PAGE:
Most of the Lower 48 United States has been snow challenged during the winter of 2011-2012. But of a select set of major cities, Baltimore and Washington, D.C. have the nation’s biggest snowfall deficits.
Charm City and our Nation’s Capital have received just 11 and 17 percent (or about 2”) of their average year-to-date snowfall (of about 12 to 17”), respectively.
Snowfall data indicate almost all of the U.S. cities (that average at least 10” of snow year-to-date) analyzed* have received less snow than normal.
One of the few cities with substantially above average snow? Denver.
The biggest snowfall shortfalls were identified in the northern mid-Atlantic (including Philadelphia in addition to Baltimore and D.C.), but the Northeast’s snow production has also been severely depressed. For example, Boston has received less than 25% of its typical snow output.
Substantial snowfall deficits also focus in the Midwest with cities like St. Louis, Kansas City, Milwaukee, Minneapolis and Indianapolis having received less than half their usual snow.
Cities in the Ohio Valley have fared slightly better. Cleveland, Detroit and Pittsburgh have all received at least two-thirds of their normal (to date) snow total. But none of the cities examined in this region had above average snowfall.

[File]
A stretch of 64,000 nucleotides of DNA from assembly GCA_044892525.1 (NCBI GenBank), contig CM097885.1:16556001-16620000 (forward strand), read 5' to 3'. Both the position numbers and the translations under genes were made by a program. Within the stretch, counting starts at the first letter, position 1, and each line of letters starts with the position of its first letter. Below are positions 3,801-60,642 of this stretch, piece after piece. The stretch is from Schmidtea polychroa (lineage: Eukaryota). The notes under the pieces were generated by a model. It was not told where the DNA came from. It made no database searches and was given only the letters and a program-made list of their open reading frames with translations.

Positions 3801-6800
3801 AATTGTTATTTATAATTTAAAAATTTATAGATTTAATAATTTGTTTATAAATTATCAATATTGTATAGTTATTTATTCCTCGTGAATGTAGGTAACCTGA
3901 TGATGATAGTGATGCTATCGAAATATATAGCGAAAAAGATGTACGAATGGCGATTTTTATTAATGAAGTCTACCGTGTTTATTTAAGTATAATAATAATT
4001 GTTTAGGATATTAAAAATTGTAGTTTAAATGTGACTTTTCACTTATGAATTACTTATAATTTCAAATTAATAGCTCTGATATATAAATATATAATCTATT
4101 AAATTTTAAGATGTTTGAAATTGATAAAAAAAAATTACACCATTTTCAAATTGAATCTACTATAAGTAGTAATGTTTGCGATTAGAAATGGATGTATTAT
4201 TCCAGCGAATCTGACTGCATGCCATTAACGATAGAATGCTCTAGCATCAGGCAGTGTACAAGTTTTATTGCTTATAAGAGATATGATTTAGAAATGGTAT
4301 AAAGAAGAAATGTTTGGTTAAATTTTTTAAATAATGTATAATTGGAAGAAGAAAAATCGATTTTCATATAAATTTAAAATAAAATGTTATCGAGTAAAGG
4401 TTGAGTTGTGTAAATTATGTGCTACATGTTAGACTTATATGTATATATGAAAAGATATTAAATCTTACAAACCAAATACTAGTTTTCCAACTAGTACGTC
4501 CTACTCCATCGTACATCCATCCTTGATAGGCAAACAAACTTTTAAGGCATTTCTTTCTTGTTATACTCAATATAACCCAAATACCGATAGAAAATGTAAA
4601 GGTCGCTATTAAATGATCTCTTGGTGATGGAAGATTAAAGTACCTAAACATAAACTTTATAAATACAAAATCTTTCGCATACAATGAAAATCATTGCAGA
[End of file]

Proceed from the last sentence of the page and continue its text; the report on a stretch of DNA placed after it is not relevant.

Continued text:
An unusually mild weather pattern has prevailed over much of the Lower 48 states since winter started. Cold air - for the most part - has been trapped in the Arctic, making few prolonged excursions southward. January ranked as the 4th warmest on record in the U.S.
Both the lack of cold air and a lack of storminess have resulted in decreased snow production.
The situation has been far different in Alaska, which experienced heavy snow in December and record cold in January. Anchorage - with 106” of snow so far, may close in on its snowiest winter on record. And one of the worst cold snaps in decades gripped Europe in early-to-mid February, with snowfall in Romania piling as high as 13-16 feet.
* This was not a comprehensive analysis. A geographically diverse set of U.S. cities was selected to give a general sense of snowfall production but it’s possible a more extensive analysis might reveal some locations with bigger snowfall deficits and/or more cities with snowfall surpluses